4. Witches being hung and burned, etc., in the Old World and in the New World, all the way up to the late 1600s.

    5. Hmm, there was some night. Something about Crystal… Hmm, it’ll come to me.

    6. ….this has to be sarcasm.

    7. Best: That’s not even clever satire. And too stupid to even be granted the label of ”retarded.”
      You should try again.

    8. Best: That’s not even clever satire. And too stupid to even be granted the label of ”retarded.”
      You should try again.

      1. Considering you just attacked a fellow traveller because you are too stupid to understand sarcasm, that’s pretty rich.

  15. According to the information I have at hand, it has been approximately two hours since Ed posted his article on H&R.

    Yet I see no mention in the comment section of Illinois Nazis

    Warning:The character Elwood Blues initiates violence against peaceful permit holders whom he hates.

    1. Earliest known antifa.

  16. Meanwhile Chicago Illinois sports an authentic Fascist Monument gifted from Supreme Fascist himself, Benito Mussolini. They even named a street after the Fascist pilot. https://en.wikipedia.org/wiki/Balbo_Monument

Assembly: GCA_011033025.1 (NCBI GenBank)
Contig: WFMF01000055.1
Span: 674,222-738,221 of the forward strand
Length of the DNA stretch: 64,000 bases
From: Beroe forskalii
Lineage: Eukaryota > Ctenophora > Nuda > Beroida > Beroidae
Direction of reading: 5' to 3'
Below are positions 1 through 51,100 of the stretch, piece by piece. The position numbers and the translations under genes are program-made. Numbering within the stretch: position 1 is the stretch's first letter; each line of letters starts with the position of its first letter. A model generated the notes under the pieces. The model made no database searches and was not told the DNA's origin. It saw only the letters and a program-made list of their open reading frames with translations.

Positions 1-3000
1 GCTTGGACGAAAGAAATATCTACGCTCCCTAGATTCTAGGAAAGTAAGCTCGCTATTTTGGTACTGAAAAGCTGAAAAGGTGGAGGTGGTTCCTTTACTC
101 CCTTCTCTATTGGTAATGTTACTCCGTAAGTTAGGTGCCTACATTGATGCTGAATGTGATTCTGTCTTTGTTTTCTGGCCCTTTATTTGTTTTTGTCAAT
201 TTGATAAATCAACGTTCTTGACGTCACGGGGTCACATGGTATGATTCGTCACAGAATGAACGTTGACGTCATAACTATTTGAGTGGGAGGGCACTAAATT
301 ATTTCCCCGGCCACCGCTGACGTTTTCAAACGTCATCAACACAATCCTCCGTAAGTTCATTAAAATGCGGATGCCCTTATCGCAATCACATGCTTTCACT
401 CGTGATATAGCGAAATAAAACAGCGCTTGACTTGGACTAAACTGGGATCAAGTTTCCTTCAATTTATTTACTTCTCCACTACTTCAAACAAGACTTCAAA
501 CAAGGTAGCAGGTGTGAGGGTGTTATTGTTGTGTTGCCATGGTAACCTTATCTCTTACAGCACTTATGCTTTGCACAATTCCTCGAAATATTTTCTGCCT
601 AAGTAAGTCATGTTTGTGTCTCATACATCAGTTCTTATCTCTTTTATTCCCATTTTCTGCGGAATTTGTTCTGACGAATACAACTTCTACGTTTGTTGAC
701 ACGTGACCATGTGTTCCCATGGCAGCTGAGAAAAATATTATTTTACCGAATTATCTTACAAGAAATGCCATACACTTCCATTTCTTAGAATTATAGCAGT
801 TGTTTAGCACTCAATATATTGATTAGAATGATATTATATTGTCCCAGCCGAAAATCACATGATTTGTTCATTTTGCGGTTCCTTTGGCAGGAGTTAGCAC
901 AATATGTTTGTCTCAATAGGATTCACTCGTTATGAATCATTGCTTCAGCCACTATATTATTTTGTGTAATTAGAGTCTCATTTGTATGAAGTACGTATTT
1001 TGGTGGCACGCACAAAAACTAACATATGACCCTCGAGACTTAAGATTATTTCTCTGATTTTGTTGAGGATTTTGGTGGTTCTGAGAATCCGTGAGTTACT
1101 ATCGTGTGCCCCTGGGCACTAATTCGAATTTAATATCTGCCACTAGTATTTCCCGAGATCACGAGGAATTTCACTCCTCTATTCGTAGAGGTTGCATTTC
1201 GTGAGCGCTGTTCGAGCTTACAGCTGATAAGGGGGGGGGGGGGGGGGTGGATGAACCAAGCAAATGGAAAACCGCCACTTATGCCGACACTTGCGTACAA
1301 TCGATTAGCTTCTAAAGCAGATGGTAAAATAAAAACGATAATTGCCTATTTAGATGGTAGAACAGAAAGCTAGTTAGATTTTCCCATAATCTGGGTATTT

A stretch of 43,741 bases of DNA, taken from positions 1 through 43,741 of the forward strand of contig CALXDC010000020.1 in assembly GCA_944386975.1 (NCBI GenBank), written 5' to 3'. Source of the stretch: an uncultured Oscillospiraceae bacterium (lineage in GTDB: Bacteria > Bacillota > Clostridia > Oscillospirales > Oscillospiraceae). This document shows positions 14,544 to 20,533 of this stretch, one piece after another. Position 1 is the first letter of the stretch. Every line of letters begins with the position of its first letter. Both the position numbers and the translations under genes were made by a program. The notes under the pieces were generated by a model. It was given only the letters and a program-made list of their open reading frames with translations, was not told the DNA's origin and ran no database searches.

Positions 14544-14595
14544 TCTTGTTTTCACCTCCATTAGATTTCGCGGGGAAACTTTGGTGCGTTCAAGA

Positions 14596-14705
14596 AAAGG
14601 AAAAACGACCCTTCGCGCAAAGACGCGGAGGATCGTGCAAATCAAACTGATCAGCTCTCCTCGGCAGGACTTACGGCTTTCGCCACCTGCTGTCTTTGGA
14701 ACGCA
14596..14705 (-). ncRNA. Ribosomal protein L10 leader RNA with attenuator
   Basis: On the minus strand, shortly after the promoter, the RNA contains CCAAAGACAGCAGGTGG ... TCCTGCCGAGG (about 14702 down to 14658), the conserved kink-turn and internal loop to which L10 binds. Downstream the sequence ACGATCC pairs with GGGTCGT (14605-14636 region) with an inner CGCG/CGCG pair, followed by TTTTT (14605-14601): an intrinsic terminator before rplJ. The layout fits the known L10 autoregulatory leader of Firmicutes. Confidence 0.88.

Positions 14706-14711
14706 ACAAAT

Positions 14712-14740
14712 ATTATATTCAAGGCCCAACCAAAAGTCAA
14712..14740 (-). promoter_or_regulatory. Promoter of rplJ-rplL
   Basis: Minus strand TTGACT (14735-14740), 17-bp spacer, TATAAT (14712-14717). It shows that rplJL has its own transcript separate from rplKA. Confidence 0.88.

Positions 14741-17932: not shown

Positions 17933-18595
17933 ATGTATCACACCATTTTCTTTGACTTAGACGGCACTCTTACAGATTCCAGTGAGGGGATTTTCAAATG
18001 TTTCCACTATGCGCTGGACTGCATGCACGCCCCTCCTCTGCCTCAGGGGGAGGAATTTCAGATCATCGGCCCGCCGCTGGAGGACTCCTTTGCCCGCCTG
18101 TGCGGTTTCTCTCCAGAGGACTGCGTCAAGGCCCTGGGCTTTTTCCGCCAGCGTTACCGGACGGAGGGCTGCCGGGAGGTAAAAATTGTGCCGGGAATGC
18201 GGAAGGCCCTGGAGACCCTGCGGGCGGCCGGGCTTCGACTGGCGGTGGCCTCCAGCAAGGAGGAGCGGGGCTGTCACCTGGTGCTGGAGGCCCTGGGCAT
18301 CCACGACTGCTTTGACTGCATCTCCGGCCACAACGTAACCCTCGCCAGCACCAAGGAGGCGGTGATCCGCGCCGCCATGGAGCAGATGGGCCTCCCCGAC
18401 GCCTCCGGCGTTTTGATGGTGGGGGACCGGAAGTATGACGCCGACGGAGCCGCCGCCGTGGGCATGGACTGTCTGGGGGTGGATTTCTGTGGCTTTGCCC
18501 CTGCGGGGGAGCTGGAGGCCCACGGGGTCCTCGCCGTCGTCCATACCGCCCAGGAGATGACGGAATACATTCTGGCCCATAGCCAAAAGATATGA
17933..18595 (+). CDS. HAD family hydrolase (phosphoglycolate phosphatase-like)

17. Between him and Bloomberg you now have hate and weight crimes.

  18. As useless and futile gestures go this one seems about par for the course.

  19. You know who else tortured people for racist reasons?

    1. Django

  20. If they make stupidity illegal, it is going to get really lonely around the Capital Building…

  21. “I hate Illinois Nazis.”

    1. Screwed up the link, probably because it’s another video of a car driving into a crowd and I’m triggered.

      At least this time it wasn’t a Challenger

  22. Perhaps they should be more concerned about gang-bangers.

    I’m betting gangs kill way more than white supremacists AND neo-Nazis combined.